What's the Difference Between a Strain and Sprain?

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Whether you’re shoveling snow, walking to work, or playing a game of pick-up basketball, it’s bound to happen sooner or later: pain. Maybe you say you “strained a muscle,” “sprained your ankle,” or even “tore” something. But what’s really going on here?

“Sprain and strain are medical terms, but both of them can mean tear,” says David Neuman, M.D., an orthopedic surgeon at NY SportsCare.

In short, strains involve tearing or over-stretching a muscle or tendon, while sprains are the tearing of a ligament (more details on that soon). Strains and sprains come in three different severities: grade I, grade II, and grade III. The higher the grade, the more painful and severe the injury.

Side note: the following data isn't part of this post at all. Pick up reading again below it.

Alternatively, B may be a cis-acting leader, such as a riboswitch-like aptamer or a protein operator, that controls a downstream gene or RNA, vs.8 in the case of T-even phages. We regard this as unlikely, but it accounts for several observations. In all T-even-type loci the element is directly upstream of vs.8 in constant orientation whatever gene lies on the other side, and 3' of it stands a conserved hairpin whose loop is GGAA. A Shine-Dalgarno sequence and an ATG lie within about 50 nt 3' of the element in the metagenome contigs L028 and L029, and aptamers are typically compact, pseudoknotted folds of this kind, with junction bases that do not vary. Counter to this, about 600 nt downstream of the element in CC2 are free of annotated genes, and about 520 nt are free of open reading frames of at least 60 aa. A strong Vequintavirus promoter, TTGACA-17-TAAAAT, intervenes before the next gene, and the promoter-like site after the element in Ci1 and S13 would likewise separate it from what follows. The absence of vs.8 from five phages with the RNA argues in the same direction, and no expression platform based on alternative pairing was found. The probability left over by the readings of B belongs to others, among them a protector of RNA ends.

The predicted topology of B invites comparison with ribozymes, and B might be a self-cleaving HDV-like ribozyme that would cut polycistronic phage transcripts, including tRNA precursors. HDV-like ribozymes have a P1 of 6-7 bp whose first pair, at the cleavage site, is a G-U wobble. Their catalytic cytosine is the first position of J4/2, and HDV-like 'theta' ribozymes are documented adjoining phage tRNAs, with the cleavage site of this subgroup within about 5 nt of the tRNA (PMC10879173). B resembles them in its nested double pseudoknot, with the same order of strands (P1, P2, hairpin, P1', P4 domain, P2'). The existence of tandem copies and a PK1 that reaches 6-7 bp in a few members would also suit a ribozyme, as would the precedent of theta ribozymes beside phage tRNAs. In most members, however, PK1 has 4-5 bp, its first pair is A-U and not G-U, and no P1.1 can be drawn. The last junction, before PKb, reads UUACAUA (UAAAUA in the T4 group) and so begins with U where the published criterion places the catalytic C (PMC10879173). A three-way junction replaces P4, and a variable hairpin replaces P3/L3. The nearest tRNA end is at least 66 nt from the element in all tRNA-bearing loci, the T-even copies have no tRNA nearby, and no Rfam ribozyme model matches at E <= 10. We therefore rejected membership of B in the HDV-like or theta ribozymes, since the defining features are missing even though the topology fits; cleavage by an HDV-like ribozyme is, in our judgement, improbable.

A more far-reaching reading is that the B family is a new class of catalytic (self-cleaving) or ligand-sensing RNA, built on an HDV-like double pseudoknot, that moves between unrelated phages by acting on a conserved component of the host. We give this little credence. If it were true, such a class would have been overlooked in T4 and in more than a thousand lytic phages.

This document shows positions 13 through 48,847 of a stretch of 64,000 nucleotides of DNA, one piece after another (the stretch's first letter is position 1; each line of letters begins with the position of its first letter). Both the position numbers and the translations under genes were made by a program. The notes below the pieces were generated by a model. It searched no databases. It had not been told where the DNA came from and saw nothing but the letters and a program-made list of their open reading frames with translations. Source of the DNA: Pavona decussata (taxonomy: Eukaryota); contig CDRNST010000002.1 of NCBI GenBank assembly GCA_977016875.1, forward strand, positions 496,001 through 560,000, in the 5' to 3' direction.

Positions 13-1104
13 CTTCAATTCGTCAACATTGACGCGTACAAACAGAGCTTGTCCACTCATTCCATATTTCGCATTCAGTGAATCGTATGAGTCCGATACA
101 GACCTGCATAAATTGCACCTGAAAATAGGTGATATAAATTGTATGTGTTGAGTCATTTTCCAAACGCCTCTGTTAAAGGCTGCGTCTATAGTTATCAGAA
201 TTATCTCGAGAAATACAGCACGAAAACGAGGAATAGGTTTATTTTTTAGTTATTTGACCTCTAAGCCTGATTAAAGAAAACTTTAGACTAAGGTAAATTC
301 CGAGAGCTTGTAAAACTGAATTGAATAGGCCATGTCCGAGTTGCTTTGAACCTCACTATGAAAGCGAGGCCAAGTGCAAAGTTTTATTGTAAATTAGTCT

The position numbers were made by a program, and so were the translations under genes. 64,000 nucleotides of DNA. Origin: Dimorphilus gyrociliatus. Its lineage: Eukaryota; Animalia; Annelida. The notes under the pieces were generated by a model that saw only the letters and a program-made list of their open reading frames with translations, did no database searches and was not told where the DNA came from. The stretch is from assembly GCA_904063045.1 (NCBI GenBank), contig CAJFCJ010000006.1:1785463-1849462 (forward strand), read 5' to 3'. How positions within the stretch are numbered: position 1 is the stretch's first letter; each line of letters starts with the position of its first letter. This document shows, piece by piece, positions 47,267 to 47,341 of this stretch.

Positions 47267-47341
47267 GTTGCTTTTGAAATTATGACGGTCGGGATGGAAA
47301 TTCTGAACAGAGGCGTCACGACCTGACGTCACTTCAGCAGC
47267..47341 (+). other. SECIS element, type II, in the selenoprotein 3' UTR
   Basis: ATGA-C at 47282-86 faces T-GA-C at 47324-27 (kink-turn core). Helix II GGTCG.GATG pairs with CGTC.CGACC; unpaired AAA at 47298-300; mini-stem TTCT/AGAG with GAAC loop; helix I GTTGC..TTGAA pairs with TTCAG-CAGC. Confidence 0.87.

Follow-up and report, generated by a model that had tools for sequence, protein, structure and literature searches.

A grade I strain or sprain can be a very slight tear or over-stretching a muscle and may have little inflammation, Neuman says. Grade II is slightly more severe, and grade III is a complete rupture of the tendon or the ligament.

With a grade III, you’re going to experience a high level of pain, says Colleen Brough, a physical therapist and assistant professor at Columbia University in New York City. “It doesn’t get better, and a person really can’t tolerate weight bearing or walking on it.” Chances are, if you have a grade III injury, you’ll know it.

But what about all those other times when you’ve just got a little pain and you’re not exactly sure what to do next? We’ve rounded up answers to your most common sprain and strain issues.


What do you think?